DST launches nanotech production facility

Simnikiwe Mzekandaba
By Simnikiwe Mzekandaba, IT in government editor
Johannesburg, 07 Dec 2015
The new facility will allow South Africa to compete internationally in the production of nano-structured materials, according to the DST.
The new facility will allow South Africa to compete internationally in the production of nano-structured materials, according to the DST.

The Department of Science and Technology (DST) has partnered with the Council for Scientific and Industrial Research (CSIR) to unveil a production facility for nanotechnology materials in South Africa.

Located in Pretoria, the new facility will help the plastics and cosmetics industries, among others, to develop new nano-structured materials.

The facility houses infrastructure for scale-up, processing and testing. It will also play a role in developing skills and transferring technologies to industry, says the department.

Dubbed the Nanomaterials Industrial Development Facility, the new production facility is one of the five programmes funded by DST, through the CSIR, as part of the Industrial Innovation Partnership Fund (IIPF), which seeks to support industry competitiveness.

Science and technology minister Naledi Pandor says the facility provides the capabilities for the industrial-scale production of nano-structured materials.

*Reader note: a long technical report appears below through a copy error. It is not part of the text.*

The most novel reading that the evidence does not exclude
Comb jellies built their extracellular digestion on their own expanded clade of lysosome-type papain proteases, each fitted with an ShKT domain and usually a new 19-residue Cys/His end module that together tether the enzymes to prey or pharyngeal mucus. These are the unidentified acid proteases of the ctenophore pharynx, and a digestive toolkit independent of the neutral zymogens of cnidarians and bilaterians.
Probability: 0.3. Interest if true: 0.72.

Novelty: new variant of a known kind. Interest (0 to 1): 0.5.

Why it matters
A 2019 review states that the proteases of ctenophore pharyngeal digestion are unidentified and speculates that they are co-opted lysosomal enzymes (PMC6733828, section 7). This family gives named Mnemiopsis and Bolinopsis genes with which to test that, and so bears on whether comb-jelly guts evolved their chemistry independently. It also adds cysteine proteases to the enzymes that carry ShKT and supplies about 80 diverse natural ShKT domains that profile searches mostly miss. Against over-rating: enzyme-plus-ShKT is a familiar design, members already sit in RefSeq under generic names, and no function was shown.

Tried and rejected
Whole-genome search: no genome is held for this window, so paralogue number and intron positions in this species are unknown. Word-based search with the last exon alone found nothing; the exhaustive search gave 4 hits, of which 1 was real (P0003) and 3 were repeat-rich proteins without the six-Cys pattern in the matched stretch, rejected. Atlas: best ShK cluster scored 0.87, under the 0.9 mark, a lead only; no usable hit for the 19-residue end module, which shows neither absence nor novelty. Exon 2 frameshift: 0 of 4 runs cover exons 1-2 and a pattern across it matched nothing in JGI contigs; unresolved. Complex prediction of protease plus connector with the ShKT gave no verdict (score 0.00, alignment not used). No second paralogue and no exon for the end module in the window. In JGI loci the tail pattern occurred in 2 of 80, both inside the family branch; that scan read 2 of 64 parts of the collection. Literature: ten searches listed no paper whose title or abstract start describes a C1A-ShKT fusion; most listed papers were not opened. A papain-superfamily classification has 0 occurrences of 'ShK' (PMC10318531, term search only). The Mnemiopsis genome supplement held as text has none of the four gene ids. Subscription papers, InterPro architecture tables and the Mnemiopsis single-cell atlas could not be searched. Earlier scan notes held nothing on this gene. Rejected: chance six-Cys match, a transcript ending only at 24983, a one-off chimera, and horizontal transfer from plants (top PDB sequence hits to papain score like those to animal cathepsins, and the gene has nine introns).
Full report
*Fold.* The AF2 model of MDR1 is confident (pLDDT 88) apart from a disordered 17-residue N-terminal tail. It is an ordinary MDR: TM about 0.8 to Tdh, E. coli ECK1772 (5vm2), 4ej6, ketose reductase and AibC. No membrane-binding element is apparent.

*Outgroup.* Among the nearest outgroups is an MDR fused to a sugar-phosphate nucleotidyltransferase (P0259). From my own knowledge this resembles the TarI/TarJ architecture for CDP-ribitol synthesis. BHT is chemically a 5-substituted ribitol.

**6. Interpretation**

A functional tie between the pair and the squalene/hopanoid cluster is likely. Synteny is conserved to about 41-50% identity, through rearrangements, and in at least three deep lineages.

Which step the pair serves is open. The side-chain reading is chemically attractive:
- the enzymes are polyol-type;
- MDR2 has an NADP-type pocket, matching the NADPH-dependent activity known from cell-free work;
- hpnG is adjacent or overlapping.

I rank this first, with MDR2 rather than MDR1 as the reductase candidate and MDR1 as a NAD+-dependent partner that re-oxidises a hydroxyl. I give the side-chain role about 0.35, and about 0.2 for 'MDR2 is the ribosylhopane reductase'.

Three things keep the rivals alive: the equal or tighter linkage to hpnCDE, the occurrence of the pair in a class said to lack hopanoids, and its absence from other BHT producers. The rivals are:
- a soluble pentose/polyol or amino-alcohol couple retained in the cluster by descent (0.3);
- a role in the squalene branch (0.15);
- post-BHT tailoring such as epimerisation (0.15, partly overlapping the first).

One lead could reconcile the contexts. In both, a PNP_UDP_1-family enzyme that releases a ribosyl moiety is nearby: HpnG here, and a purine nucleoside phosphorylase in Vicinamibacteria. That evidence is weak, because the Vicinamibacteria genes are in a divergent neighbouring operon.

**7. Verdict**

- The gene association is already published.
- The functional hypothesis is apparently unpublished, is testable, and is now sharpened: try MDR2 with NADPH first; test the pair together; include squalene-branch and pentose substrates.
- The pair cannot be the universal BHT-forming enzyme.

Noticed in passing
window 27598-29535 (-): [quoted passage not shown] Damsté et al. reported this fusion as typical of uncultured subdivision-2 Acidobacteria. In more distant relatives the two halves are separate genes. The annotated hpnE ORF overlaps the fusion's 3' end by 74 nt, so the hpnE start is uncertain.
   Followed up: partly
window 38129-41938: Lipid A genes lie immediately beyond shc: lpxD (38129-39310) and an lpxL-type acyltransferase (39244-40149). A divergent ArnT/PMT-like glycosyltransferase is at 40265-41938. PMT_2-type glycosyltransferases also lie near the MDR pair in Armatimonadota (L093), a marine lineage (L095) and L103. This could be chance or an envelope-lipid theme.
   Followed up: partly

"All the facilities supported under the Industry Innovation Programme, including the Nano-materials Industrial Development Facility, have the potential to play a role in the development of high-technology small, medium and micro enterprises. This facility could enable such enterprises to take advantage of the rapidly growing international market in nano-structured materials and nano-composites," says Pandor.

Last year, Pandor said government wanted more South African-developed nanotechnology-enhanced products to enter the market in the coming years.

Previously, Pandor explained that the National Nanotechnology Strategy, which was published in 2005, focuses on adopting formal teaching programmes in the field, with more than 1 100 papers being published by tertiary institutions.

According to the DST, one of the industries set to benefit from the research advances and introduction of an industry-scale testing facility is the plastics industry, both in the level of advanced materials used, and in the machines and processes used to produce plastic components and systems.

Director at the National Centre for Nanostructured Materials and CSIR chief researcher, Professor Suprakas Ray says, "Due to the high cost of importing nano-structured materials and the absence of local manufacturing capability for these materials, the plastics industry is generally struggling to adopt advanced polymers on a large scale. If these challenges are not addressed, there will be continued importation of special polymer material and products at significant cost and to the detriment of local manufacturers."